UN says it is willing to mediate in China-Vietnam territorial row

This picture taken from a Vietnam Coast Guard ship on May 14, 2014, shows a Vietnamese Coast Guard ship (left) being challenged by a China Coast Guard ship near to the site of a Chinese drilling oil rig (right, background) being installed in the disp
This picture taken from a Vietnam Coast Guard ship on May 14, 2014, shows a Vietnamese Coast Guard ship (left) being challenged by a China Coast Guard ship near to the site of a Chinese drilling oil rig (right, background) being installed in the disputed waters in the South China Sea off Vietnam's central coast. -- PHOTO: AFP

GENEVA - The United Nations says it is willing to mediate in the territorial row between China and Vietnam in the South China Sea.

UN spokesman Stephane Dujarric said on Tuesday that UN Secretary General Ban Ki Moon would be ready to mediate if the parties involved request for UN mediation, NHK reported.

It also quoted Mr Dujarric as saying Mr Ban has expressed hope that the dispute will be resolved peacefully and in accordance with international law.

Chinese and Vietnamese vessels have been facing off near the disputed Paracel Islands in the South China Sea after a Chinese oil firm set up a drilling rig in the area in early May, according to NHK.

The office of China's representatives to the UN recently submitted to the secretary general a paper outlining the country's territorial claim. The document criticises Vietnam for taking a provocative attitude. It argues that the islands are inherent Chinese territory and this justifies the rig deployment, said NHK.

Vietnam has submitted to the UN papers about its territorial claim three times since last month.

Bloomberg on Wednesday reported that Vietnam said China again shifted the oil rig, with six warships guarding the structure. It was the third time the oil rig has been moved and it remains off Vietnam's coast in an area claimed by both countries, Bloomberg said, citing Vietnam News.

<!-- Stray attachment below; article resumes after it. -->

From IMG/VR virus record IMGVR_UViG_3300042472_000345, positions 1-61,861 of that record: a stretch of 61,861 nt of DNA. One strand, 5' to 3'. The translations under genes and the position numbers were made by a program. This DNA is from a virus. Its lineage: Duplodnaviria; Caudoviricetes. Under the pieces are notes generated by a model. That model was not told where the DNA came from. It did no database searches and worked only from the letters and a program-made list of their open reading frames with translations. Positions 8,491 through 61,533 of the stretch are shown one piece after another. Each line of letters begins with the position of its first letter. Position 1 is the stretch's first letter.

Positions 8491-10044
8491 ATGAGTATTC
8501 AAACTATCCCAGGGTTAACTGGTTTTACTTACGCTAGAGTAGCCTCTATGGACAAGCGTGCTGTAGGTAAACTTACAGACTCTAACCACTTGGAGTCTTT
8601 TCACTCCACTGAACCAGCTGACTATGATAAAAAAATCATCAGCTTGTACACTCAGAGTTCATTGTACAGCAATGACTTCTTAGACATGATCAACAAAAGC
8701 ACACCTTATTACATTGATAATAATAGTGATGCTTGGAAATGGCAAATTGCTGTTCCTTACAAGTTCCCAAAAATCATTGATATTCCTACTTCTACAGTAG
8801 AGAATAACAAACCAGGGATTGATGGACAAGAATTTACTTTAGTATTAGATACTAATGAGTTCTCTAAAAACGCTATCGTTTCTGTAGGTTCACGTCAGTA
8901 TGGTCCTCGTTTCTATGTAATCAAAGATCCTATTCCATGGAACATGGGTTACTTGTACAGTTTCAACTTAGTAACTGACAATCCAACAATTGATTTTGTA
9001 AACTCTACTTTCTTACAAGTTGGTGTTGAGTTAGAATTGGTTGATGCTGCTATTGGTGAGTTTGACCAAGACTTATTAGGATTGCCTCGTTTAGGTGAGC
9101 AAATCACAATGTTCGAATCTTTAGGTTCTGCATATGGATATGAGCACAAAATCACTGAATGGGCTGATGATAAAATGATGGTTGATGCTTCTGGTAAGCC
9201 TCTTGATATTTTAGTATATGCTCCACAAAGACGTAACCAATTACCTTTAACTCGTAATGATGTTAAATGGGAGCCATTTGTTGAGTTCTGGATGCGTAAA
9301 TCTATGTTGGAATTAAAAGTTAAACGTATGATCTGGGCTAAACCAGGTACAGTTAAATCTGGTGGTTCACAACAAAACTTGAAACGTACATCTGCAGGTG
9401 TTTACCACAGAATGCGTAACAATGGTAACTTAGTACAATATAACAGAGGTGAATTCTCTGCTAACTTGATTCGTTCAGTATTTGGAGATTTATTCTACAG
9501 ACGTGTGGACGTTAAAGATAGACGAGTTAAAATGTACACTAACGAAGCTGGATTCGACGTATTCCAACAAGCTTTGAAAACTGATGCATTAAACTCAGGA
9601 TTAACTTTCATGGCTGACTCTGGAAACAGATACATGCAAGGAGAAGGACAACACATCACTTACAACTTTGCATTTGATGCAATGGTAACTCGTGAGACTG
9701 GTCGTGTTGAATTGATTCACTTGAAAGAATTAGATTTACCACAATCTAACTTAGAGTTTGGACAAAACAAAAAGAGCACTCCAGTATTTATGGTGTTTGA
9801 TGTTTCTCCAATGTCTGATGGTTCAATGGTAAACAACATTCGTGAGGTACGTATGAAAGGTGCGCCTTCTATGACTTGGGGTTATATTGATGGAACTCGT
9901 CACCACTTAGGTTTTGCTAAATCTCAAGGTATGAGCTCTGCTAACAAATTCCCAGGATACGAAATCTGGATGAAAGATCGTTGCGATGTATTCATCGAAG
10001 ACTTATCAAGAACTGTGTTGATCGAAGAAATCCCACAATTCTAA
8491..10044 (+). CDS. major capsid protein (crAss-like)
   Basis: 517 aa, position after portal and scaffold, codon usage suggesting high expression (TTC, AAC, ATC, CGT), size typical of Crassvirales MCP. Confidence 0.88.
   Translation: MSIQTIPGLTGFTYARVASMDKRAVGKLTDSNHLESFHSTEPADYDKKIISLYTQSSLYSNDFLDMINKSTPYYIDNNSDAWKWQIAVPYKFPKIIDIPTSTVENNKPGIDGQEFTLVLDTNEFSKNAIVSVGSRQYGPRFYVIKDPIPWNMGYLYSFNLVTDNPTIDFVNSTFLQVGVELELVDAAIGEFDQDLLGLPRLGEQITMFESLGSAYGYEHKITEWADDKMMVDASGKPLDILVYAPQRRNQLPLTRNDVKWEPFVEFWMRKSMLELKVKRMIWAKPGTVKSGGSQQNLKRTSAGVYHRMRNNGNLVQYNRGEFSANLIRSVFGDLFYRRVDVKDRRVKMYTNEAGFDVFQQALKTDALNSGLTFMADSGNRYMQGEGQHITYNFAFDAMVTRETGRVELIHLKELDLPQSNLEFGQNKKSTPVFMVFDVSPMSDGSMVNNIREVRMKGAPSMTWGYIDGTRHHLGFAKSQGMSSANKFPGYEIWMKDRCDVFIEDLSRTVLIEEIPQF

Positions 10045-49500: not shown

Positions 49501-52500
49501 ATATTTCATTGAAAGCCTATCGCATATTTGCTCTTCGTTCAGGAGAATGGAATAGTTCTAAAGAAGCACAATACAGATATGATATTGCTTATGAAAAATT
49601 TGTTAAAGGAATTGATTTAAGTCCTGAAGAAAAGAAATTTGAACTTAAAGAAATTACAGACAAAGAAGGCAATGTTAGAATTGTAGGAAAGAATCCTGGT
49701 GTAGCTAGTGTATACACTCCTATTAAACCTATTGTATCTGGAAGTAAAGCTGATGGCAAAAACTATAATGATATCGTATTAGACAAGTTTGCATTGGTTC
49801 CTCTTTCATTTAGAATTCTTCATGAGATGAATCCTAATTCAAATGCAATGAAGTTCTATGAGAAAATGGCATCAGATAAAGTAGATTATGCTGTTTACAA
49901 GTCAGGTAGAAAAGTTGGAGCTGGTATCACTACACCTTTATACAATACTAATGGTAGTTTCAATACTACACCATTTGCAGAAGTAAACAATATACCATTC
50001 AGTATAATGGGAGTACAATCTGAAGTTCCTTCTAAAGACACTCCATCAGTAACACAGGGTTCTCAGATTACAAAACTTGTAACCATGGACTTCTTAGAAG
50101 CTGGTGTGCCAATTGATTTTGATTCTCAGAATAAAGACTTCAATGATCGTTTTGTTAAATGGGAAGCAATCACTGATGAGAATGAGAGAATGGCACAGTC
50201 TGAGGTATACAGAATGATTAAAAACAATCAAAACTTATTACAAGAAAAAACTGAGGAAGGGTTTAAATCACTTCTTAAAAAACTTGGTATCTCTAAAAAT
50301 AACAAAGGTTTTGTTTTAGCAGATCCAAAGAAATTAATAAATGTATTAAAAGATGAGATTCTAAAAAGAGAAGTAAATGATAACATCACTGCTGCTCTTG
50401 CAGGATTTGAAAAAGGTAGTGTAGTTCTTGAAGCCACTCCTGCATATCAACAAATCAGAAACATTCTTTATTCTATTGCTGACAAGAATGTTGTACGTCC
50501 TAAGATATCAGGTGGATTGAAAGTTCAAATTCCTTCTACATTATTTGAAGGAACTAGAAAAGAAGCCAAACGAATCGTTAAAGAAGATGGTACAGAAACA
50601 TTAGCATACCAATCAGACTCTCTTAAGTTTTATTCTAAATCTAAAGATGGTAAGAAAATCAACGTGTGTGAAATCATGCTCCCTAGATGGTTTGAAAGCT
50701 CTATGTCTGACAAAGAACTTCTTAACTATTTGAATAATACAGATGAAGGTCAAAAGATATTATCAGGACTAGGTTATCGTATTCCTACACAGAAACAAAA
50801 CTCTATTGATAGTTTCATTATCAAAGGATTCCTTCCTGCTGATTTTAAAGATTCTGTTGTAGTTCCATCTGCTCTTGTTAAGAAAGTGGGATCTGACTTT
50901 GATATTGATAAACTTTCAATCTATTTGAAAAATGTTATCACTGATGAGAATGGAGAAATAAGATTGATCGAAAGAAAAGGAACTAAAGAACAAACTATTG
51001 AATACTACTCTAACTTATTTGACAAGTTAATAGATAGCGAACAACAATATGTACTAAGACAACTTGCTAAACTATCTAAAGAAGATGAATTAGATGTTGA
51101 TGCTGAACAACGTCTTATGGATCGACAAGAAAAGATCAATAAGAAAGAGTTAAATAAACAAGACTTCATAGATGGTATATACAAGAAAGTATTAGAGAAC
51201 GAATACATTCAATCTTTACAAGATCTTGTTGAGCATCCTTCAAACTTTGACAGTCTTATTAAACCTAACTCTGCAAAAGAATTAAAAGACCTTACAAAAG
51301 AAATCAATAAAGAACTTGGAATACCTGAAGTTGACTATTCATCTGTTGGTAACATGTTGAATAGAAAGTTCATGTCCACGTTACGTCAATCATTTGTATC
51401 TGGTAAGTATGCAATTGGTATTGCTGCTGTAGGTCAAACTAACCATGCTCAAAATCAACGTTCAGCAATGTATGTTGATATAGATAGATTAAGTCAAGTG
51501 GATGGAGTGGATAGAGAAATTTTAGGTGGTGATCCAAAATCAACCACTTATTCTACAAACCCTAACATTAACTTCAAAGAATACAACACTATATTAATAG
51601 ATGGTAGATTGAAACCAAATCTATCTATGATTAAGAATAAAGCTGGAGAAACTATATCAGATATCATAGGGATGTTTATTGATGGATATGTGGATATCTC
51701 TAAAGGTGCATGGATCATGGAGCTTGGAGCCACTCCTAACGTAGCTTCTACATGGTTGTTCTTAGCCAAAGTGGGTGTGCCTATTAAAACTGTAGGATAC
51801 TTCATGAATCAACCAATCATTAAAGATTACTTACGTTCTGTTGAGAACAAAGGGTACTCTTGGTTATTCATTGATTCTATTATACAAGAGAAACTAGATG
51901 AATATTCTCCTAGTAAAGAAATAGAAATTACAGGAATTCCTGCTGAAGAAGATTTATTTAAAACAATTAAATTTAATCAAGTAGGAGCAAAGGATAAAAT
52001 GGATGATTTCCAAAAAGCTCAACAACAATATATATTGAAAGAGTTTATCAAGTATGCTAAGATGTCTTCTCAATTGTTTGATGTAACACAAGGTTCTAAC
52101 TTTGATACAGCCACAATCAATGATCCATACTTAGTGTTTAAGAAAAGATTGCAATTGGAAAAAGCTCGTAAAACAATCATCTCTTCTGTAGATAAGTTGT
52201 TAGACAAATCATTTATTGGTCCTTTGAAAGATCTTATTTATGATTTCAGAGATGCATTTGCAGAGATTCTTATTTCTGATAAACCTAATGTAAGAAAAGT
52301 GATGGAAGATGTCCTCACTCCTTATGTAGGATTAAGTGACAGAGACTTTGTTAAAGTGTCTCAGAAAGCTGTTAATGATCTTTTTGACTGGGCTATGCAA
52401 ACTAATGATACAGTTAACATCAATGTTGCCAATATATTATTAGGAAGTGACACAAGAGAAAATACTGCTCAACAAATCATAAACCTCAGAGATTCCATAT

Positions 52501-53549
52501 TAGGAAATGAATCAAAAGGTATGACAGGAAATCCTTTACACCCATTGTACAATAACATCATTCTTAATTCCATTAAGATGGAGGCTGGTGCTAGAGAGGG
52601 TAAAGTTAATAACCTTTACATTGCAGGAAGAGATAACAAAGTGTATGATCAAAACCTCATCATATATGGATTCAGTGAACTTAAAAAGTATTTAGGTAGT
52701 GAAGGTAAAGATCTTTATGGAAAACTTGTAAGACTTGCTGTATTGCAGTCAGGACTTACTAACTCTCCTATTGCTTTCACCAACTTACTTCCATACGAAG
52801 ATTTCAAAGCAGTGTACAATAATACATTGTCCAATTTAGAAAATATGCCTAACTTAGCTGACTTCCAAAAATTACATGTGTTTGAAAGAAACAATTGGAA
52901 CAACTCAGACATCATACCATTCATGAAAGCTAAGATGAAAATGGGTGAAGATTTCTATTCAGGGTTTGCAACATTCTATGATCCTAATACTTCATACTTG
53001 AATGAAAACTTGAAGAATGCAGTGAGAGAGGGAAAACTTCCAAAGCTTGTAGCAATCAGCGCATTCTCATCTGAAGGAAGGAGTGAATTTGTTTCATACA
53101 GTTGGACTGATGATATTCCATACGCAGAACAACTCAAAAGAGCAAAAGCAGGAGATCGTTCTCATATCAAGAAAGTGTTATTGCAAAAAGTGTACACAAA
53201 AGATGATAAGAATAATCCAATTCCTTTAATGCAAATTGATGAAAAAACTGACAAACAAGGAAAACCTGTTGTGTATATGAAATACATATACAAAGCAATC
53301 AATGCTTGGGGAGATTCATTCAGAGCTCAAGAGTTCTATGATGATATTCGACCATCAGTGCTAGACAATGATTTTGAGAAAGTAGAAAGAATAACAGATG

There are now six Chinese warships, 38 coast guard vessels, 13 cargo ships and 19 tugboats protecting the oil rig, according to the report.

By placing its oil rig in the disputed area last month, and in constructing artificial islands near the Spratlys, China is mapping out an aggressive strategy, Carlyle Thayer, an emeritus professor at the Australian Defence Force Academy in Canberra, said in a phone interview.

"It's an escalation," he said. "We are really reaching a regional crisis stage. It seems that China has reached a decision to go for broke."

Chinese ships are moving in reverse into the path of Vietnamese vessels in an attempt to make it appear as though the Chinese boats are being rammed, Vietnam News said. A Chinese boat struck a Vietnamese fishery surveillance boat on June 7, online news website VnExpress reported, citing Vietnam's fishery control department.

Vietnam meantime continues to send ships to the region near the rig. China's foreign ministry said in a statement on its website on June 9 that Chinese ships have been rammed more than 1,400 times.

Vietnam has also sent "frogmen" to the site and dropped obstacles such as fishing nets and floating objects in the water, the ministry said.

"Both Vietnam and China should remove all of their ships and China should remove the oil rig," US Assistant Secretary of State for East Asian and Pacific Affairs, Mr Daniel Russel, told reporters on Tuesday in a teleconference. "Both Vietnam and China need to de-escalate tensions, both need to exercise restraint," he said.

On the possible impact on Chinese investment in Vietnam, Transport Minister Dinh La Thang said he has not seen any indication that Chinese companies are pulling back on investment in the Southeast Asian country. This despite a report by the South China Morning Post on June 9 that China's state-owned companies have been told to temporarily halt bidding for Vietnam contracts.

"I haven't heard any Chinese companies say their government has told them not to bid on new projects in Vietnam," Mr Thang said in an interview in Hanoi. "If that's true, it will be their loss because it means they are giving away good business opportunities to other investors. If China tells its companies to withdraw from existing projects in Vietnam, I'm sure there are many other companies out there that will want to take over."

China is Vietnam's largest trading partner, with two-way trade rising 22 per cent to US$50.2 billion (S$63 billion) last year from 2012, Bloomberg said, citing data from Vietnam's General Statistics Office.

Vietnam and China aim to boost two-way trade to US$60 billion in 2015, according to an April 14 statement from Vietnam's government. Vietnam bought US$37 billion of goods from China last year, according to the statistics office.